A church treasurer who embezzled more than £34,000 of funds from a Perth church has been warned he faces being sent to prison.
Paul Melloy, 41, spent more than three years stealing money donated by members of the congregation and from charitable trusts and fundraising efforts.
Melloy – who was running a failing financial services business – cooked the church books to hide the money he was regularly paying into his own bank account.
Perth Sheriff Court was told yesterday that Melloy started helping himself to church funds almost immediately after volunteering to become church treasurer but left the position before the discrepancies were discovered.
Sheriff Pino di Emidio said: “It is obviously a very serious matter and the question of a custodial sentence must be high in the court’s consideration.”
Melloy, Hermitage Drive, Perth, admitted embezzling £34,771 from Craigie and Moncrieffe Parish Church between April 7 2014 and December 1 2017.
Fiscal depute Eilidh Robertson told the court: “He was running a financial services business at the time.
“He voluntarily acted as treasurer for the parish church between 2013 and 31 December 2017. He was a member of the church and a registered accounts technician.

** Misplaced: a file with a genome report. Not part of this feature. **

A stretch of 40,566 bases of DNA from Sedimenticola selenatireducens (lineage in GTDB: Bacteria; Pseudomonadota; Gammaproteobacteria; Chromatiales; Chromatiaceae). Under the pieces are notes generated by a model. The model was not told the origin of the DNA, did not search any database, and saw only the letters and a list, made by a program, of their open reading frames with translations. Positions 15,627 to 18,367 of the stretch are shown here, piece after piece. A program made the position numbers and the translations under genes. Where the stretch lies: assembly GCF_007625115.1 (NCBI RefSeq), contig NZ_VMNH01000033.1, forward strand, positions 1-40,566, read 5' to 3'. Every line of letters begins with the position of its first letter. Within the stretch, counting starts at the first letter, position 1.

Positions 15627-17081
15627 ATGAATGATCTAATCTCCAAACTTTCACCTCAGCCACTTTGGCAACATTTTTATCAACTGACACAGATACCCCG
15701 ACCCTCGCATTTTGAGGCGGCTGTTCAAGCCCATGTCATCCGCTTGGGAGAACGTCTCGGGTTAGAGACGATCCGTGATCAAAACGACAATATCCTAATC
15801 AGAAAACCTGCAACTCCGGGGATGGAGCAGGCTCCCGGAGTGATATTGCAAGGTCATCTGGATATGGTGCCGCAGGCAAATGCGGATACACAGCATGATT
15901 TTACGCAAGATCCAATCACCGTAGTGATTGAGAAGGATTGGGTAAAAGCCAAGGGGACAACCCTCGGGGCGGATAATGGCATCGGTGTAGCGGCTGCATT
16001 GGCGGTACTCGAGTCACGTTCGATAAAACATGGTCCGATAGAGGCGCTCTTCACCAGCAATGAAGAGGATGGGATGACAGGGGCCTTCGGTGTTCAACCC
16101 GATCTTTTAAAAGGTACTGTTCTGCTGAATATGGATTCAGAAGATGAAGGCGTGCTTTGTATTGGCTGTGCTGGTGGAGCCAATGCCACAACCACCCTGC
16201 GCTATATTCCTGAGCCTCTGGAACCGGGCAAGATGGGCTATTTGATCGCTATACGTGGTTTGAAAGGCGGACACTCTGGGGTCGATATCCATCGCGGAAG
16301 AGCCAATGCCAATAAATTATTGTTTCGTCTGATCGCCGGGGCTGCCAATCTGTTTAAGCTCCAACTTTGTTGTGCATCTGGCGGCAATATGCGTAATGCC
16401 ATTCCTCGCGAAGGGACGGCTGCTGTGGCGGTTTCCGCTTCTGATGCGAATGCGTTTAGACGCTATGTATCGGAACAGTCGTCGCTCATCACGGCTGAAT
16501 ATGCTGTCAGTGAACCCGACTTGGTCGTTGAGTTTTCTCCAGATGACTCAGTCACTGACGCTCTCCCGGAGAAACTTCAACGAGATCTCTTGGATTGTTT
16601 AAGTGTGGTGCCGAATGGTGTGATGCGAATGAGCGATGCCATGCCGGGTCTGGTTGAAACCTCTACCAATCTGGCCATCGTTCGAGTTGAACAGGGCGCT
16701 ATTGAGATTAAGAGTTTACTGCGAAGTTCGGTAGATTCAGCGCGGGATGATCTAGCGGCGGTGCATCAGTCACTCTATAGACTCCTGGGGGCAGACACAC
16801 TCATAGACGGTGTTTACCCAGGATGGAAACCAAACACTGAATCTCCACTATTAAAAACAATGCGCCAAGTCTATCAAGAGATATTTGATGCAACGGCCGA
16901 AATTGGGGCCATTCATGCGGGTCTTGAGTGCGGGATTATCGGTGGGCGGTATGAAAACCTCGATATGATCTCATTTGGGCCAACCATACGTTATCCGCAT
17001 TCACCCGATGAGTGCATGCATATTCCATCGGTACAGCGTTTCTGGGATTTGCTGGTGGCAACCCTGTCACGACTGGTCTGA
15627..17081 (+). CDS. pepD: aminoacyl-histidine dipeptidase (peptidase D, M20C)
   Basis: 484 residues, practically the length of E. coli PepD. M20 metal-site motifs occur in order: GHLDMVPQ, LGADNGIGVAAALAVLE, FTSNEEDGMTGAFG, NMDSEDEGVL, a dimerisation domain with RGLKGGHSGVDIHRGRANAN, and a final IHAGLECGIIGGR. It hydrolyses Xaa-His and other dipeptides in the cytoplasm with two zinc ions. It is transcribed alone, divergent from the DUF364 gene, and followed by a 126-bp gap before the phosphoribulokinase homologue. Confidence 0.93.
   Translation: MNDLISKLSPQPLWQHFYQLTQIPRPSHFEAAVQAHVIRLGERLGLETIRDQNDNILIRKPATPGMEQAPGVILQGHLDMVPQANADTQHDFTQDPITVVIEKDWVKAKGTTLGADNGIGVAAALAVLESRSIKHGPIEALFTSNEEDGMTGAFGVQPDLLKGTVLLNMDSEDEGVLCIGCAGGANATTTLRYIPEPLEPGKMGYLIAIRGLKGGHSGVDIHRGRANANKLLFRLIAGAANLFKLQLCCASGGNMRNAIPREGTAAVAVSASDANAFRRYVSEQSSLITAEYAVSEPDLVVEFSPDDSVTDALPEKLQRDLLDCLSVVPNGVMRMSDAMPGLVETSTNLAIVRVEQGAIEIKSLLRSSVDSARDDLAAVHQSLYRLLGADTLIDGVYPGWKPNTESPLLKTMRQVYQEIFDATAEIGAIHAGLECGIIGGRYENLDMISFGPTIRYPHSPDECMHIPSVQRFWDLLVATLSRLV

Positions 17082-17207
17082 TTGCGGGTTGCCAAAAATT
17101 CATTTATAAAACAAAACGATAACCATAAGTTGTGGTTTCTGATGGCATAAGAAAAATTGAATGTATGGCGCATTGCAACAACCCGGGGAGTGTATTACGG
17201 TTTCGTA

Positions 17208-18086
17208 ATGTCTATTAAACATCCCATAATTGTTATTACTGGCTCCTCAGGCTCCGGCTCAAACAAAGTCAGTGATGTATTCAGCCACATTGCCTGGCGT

“During that time he had sole access to the banking account for the church and he produced income and expenditure spreadsheets for the finance working group.
“The money was from charitable donations, legacy funds, grants and fundraising events and sales. It should have been spent on the day to day running of the church.”
Six months after Melloy left the treasurer’s role, another committee member was looking at the accounts when she noticed irregularities in a series of bank statements.
The fiscal depute said: “It was evident he had been under-representing the church income and over-representing expenditure to make payments to his own account.
“These were masked by altered income and expenditure sheets.”
Melloy was arrested and admitted to police he had been embezzling money from the church. He said he had fallen on hard times and had taken the money with the intention of repaying it but had never been able to.
“He admitted it had spiralled out of control, prompting him to give up his role as treasurer,” Miss Robertson added.
Melloy’s family had helped to bail him out by sending a cheque to the church for the full amount he had stolen.
Melloy’s solicitor said he is a father-of-two who had no previous convictions and she hoped to persuade the court he did not need to be sent to prison.
Melloy, who is understood to have held positions of trust with a number of other community organisations in Perth, was granted bail and sentence was deferred for reports.